Every typeface ever designed was created to serve a certain purpose with a specific mood or tone. In addition to the individual traits of each font and its family, there are only two kinds of types — display and text. Display faces, known for their decorative features, are meant to be used sparingly and in bigger sizes, they are illegible otherwise. Text faces are great for extensive amounts of readable copy, they commonly sport a conservative no-frills look.

The greatest honour any type could achieve is to have its face loved and recognized by people. We realize that not all of us were crafted in an equally beautiful way — some of us turned to be a classic work of art, while others are simply tools to express one’s thoughts or communicate a message. The biggest fear of every type is to be used in ways that we were not intended for or abused to the point of being hated.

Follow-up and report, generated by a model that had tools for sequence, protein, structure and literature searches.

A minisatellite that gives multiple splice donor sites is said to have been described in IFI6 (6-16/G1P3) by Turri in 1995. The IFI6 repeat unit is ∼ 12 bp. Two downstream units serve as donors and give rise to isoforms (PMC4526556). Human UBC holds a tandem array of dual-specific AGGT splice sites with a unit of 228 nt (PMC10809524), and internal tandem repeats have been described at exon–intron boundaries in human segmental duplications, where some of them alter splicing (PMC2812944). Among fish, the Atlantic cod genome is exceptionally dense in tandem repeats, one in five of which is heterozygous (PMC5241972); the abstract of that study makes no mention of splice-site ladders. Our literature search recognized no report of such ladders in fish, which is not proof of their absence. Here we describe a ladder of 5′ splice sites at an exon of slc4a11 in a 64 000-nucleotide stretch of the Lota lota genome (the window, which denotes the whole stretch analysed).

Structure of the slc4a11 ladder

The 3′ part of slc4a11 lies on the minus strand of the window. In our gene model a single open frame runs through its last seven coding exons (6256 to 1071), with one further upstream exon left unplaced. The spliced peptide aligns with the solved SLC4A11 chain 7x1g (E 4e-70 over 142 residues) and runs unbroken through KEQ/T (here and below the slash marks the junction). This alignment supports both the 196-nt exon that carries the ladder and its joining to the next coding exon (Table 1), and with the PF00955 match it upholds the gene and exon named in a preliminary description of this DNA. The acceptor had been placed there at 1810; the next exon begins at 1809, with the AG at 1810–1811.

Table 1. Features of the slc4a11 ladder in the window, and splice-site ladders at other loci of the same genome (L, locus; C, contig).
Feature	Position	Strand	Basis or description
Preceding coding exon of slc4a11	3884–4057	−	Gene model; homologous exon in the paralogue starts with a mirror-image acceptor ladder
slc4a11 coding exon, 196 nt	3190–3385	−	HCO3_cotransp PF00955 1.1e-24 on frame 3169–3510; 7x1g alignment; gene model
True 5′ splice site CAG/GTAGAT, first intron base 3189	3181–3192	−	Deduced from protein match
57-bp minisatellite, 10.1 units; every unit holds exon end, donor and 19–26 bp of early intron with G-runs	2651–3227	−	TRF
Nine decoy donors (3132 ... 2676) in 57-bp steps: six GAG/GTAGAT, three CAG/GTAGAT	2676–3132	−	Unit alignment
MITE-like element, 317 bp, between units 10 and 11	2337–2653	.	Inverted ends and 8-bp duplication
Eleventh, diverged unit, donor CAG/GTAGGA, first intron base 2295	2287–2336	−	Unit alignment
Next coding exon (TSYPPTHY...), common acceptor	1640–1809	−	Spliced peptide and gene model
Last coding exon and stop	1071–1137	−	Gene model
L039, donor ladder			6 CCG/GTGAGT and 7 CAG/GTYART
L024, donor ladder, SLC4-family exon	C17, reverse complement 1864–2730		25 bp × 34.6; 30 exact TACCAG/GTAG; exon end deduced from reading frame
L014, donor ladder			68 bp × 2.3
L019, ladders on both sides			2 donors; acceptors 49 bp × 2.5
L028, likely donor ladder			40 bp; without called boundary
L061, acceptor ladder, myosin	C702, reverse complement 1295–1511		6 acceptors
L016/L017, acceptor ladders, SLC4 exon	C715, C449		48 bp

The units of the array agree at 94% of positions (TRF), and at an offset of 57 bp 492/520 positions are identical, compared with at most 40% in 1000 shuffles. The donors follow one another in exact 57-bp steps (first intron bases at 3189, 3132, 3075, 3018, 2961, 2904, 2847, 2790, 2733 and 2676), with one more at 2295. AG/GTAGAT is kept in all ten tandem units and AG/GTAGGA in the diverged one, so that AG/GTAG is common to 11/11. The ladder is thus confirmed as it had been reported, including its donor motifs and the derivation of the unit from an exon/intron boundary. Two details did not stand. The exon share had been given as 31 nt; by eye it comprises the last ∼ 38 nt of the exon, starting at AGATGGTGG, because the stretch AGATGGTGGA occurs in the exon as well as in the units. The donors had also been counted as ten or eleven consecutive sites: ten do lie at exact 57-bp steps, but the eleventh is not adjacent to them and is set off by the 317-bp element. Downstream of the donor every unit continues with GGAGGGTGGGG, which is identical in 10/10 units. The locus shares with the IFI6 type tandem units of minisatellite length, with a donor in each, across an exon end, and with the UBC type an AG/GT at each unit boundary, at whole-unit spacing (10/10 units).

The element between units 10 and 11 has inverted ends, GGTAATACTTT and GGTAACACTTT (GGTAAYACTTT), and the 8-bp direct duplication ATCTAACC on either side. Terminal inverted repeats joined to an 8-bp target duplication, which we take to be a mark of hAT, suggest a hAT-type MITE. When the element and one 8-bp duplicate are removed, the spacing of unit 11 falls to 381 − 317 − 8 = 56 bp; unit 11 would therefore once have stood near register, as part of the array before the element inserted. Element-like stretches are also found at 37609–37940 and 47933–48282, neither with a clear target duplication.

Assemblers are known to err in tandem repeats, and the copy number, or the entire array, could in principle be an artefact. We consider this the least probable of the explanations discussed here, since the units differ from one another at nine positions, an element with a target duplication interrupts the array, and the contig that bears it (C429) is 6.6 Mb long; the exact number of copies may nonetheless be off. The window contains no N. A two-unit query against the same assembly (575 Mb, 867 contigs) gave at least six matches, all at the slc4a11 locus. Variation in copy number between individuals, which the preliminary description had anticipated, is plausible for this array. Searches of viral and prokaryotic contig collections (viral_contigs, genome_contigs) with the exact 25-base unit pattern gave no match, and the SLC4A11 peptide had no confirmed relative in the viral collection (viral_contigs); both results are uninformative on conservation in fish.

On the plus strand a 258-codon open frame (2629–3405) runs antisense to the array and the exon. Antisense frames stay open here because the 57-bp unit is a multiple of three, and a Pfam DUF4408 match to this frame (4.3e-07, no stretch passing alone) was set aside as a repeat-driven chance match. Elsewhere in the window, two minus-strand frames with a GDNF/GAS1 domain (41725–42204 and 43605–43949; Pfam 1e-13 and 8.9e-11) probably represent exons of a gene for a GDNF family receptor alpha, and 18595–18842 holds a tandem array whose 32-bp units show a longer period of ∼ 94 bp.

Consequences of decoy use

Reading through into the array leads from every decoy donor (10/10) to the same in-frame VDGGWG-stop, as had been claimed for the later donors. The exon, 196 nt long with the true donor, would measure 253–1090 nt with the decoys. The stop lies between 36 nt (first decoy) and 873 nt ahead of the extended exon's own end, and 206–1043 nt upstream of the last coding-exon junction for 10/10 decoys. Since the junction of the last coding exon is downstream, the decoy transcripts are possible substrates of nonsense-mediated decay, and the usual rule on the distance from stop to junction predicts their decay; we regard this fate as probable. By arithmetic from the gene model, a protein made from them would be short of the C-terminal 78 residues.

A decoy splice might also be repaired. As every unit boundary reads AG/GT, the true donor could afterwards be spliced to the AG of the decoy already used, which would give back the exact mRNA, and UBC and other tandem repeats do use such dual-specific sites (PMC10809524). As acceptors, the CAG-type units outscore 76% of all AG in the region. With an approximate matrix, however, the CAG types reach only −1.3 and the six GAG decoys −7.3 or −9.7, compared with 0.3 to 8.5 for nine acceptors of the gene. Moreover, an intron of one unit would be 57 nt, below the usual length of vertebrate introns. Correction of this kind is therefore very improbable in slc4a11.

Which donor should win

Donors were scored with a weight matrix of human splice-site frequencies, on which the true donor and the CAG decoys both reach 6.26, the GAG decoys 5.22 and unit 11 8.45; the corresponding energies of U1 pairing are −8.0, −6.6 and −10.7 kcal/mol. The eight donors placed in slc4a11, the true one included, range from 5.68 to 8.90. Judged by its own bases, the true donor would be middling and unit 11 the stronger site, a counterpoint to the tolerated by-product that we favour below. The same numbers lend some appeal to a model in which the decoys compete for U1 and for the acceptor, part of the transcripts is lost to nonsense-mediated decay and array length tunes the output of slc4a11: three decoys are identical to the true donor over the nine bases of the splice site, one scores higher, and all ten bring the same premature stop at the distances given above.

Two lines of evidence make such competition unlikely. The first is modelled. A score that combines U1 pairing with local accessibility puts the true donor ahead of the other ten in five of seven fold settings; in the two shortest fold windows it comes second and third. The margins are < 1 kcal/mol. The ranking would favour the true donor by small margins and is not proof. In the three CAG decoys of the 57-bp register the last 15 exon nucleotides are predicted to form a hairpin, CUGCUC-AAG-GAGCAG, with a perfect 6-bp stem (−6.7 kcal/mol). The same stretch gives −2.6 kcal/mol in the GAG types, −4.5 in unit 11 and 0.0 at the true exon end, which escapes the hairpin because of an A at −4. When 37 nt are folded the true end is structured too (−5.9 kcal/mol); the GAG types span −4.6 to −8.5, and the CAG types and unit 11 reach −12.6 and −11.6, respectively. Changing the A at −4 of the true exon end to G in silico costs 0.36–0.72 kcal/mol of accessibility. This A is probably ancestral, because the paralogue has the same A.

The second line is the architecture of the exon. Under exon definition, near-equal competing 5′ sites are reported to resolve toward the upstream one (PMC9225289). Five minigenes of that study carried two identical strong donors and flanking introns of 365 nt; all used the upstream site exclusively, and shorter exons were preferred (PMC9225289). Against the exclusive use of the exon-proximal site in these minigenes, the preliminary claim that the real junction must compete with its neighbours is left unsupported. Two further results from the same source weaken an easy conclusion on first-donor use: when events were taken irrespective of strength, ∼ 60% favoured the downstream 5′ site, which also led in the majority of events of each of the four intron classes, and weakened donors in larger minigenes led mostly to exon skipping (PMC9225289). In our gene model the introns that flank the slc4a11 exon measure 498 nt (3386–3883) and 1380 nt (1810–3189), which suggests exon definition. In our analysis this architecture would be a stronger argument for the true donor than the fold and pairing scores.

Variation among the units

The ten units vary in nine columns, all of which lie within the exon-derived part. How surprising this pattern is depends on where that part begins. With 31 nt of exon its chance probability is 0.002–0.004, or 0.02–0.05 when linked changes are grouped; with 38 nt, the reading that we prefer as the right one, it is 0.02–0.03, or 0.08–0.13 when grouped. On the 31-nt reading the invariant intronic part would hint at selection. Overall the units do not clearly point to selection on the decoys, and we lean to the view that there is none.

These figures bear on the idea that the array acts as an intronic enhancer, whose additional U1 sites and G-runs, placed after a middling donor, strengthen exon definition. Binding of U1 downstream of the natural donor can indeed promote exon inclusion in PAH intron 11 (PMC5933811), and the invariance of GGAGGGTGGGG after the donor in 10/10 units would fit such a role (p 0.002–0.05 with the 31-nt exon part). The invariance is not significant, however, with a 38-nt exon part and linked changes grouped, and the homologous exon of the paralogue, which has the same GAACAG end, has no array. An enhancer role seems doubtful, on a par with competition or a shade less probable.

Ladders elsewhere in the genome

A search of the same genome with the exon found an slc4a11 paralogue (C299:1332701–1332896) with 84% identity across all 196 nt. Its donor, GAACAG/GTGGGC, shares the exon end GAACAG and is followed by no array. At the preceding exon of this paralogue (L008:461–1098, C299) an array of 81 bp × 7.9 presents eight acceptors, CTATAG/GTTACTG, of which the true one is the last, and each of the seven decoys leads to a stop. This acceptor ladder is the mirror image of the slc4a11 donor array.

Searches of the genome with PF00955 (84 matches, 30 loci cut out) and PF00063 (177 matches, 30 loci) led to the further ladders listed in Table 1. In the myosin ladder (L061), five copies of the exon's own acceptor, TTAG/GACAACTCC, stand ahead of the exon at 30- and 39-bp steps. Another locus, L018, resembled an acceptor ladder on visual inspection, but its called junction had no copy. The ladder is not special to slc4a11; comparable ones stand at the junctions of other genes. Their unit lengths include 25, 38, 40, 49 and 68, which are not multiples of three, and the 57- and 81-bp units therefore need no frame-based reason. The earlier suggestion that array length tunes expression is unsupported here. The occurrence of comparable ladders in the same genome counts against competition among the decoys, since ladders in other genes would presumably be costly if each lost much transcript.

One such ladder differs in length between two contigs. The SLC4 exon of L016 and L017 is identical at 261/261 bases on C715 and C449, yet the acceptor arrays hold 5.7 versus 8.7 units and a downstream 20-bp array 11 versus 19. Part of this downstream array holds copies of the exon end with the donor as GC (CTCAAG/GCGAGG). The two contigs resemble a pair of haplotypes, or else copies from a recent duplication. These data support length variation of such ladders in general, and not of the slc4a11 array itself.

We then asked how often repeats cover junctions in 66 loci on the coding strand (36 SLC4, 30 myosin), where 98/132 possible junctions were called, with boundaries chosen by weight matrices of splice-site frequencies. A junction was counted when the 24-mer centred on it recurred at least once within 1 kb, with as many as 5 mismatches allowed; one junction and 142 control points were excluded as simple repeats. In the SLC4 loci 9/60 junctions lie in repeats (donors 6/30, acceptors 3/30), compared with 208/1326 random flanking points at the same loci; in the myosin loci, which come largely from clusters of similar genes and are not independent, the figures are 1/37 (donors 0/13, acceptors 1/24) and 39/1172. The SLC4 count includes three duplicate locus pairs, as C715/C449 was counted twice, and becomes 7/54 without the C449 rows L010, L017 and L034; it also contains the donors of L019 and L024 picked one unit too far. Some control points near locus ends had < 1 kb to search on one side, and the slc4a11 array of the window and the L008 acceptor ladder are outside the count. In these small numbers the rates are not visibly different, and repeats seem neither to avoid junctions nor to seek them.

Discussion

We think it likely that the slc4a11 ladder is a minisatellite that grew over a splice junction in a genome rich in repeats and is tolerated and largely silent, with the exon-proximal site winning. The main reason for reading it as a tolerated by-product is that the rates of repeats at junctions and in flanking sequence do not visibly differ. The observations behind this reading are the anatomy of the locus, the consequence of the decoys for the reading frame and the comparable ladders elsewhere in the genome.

Sixteen of us finally got together with a plea to give us a break and forget about our existence for the next 25 years or so. Please give us a chance to get back our merits, we don’t want to be a typographic failure. There are so many other wonderful types (and not only the commercial ones) that would bring more sense and beauty to your designs, fliers, documents; the typefaces no one gets fired for using, fonts that will last you a lifetime. It is our hope that more people will write letters to those in charge at Microsoft, Apple and Adobe requesting to add more fonts (such as Adobe Caslon Pro, Adobe Jenson Pro, Franklin Gothic, Frutiger, Futura, Gill Sans, Helvetica Neue, Univers and Warnock Pro) to the core system.